Dateline Sunday 29 May 1949

The two bus operators, Portsmouth Corporation and Southdown, started the first services to Leigh Park at the end of May 1949. Both operators chose a fairly low key advance into the embryo housing estate.

Southdown’s 46 an 46a provided a somewhat more complex service to Hayling Island. The company simply extended one journey an hour to Leigh Park. Southdown experts will enjoy working out where the buses ran on the Island. Today’s service is a simple both ways round lollipop …

… giving a 15 minute combined timetable – every 10 min in 1949.

But where in Leigh Park did the Southdown 46 run? Back then, the road network was very different. Petersfield road crossed the railway at a level crossing at the eastern end of the station, seen today, looking north …
… and from the other side, looking south.

Then turn through 180 degrees and you will be on the old main road to Petersfield, called, oddly, Petersfield Road – but today renamed as Leight Road.

The station has moved as well!

The time point, West Leigh crossroads is bottom right on the modern street map below (possibly??) …

… and the Southdown bus ran via Bedhampton Way to its terminus, (possibly again) where the main shopping centre was to materialise.

On the same day Portsmouth Corporation started their first service to Leigh Park lettered M and N. M ran from Leigh Park, N ran to.

Again only one bus an hour ran to the new estate.

This time we have a route description.

From Dockyard via Park Road, Guildhall (City Centre), Commercial Road, North End Junction, London Road, Northern Road, Spur Road, Havant Road, Bedhampton Halt, Stockheath Lane and Stockheath Common.

After Bedhampton Halt (now without the “Halt”), the N ran via Stockheath Lane to much the same terminus as the Southdown route. 

Similar to Havant station, Stockheath Lane used to cross the railway via a level crossing, remnants of which are seen here today looking north …

… and, from the other side, looking south.

This bit is renamed Staunton Road. But conceptually it soon becomes Stockheath Lane.

Here is a sample N …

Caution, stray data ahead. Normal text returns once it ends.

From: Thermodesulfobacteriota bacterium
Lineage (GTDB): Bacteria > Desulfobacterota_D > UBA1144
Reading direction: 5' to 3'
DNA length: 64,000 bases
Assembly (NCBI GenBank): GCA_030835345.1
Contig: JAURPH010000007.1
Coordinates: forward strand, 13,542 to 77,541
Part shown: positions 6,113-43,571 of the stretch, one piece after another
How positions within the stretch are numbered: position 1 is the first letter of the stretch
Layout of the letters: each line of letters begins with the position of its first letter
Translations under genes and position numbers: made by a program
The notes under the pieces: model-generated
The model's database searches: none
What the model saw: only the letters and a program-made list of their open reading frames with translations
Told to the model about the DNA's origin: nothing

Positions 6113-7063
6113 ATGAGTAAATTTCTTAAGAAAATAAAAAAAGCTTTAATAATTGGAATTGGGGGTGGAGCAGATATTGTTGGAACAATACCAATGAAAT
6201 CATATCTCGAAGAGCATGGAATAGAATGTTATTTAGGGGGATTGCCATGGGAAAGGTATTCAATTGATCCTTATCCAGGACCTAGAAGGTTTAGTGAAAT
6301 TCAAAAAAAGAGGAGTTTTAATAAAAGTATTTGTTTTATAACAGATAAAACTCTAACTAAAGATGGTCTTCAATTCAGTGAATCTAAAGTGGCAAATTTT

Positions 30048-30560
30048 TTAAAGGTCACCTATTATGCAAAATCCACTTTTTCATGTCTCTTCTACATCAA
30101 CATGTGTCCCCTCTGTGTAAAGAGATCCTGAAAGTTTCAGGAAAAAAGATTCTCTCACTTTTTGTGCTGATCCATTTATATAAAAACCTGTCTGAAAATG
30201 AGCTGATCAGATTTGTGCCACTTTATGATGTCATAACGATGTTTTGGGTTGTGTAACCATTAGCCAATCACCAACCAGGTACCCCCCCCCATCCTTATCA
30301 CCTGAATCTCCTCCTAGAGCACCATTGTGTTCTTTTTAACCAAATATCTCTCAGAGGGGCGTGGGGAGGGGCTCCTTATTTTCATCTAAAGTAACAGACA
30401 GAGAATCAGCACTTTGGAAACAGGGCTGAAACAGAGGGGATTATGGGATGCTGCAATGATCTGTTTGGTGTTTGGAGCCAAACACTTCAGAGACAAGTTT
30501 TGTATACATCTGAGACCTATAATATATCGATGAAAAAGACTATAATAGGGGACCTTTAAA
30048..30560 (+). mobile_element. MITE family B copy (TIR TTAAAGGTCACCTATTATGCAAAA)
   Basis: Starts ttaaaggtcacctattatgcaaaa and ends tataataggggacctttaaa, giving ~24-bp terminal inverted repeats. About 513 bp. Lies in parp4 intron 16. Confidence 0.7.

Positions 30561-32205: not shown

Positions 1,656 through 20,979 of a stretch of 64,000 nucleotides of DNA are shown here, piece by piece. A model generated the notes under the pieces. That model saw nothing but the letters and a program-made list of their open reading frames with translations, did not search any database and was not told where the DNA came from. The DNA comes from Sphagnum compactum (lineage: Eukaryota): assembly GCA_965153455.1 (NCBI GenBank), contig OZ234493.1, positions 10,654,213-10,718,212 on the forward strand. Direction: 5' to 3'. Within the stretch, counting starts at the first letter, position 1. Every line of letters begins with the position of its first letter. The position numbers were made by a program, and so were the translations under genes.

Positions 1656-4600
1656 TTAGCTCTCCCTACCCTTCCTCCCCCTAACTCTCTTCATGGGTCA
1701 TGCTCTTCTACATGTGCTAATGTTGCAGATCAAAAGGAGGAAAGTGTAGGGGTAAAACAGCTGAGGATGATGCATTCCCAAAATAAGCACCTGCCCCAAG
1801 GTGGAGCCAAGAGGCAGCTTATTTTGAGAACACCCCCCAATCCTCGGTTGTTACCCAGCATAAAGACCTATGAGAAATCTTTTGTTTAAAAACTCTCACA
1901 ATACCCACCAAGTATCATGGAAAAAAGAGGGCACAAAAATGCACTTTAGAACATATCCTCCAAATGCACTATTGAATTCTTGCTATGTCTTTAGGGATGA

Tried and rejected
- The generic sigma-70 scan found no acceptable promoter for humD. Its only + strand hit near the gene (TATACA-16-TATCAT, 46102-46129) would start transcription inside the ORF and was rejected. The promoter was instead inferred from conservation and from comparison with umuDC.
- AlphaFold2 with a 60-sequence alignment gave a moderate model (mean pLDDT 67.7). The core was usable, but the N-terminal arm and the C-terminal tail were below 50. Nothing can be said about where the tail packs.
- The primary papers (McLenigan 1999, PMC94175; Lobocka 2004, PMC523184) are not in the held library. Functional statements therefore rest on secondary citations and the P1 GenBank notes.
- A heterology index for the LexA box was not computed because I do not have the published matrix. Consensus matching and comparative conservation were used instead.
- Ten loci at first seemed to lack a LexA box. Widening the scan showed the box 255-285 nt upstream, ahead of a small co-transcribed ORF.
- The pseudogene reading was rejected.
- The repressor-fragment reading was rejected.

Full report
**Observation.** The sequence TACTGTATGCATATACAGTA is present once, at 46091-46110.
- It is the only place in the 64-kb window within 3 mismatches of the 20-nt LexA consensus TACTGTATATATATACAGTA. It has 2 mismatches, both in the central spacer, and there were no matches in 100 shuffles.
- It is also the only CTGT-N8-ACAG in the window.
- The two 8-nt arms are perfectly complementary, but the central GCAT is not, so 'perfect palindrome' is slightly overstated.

… and a short working N …

… showing, helpfully, “


Dateline 24th May 1952

It’s all change. The 47 disappears and in comes Southdown 48, 48a.

Unfortunately, this timetable comes without a route description, but fbb guesses that the xx16 departure from Southsea runs to Havant, then via a similar route to the 47 above, extending to Botley Drive in the same way at the revised M/N below. The xx46 journey jdoesn’t served Leigh Park as such but travels north on the Petersfield Road to Rowlands Castle and then on to Horndean. It is more of a country bus.

Try to pretend that the A3(M) isn’t there!

And Southdown 48b.

This hourly service provides some extra links to Leigh Park from Havant, but at 2100 yesterday evening, fbb’s brain had become too addled, so will add a 48b route map to tomorrow’s blog.

With apologies for poor service! Bit you know how it is …

Dateline 30th May 1954.

There was a revised Portsmouth Corporation M/N timetable with less short workings and a bus every 30 minutes to Leigh Park.

The route  has been extended via Stockheath Lane, turn right into Riders Lane, left into Purbrook Way and right into Botley Drive to its Rownhams Road terminus.

And the revised route now uses a new road from Bedhampton station, called memorably “New Road”.

And here is a very fizzy picture of an M to Portsmouth coming down Botley Road from the terminus. 

What would Elf abd Safety say today about running a bus through a building site? But if the bus is there when people move in, they will use it! Today’s route planner please note.

There is more to come next week. 

Don’t miss the upcoming thrilling episode.

 Next Variety blog : Saturday 12th August 

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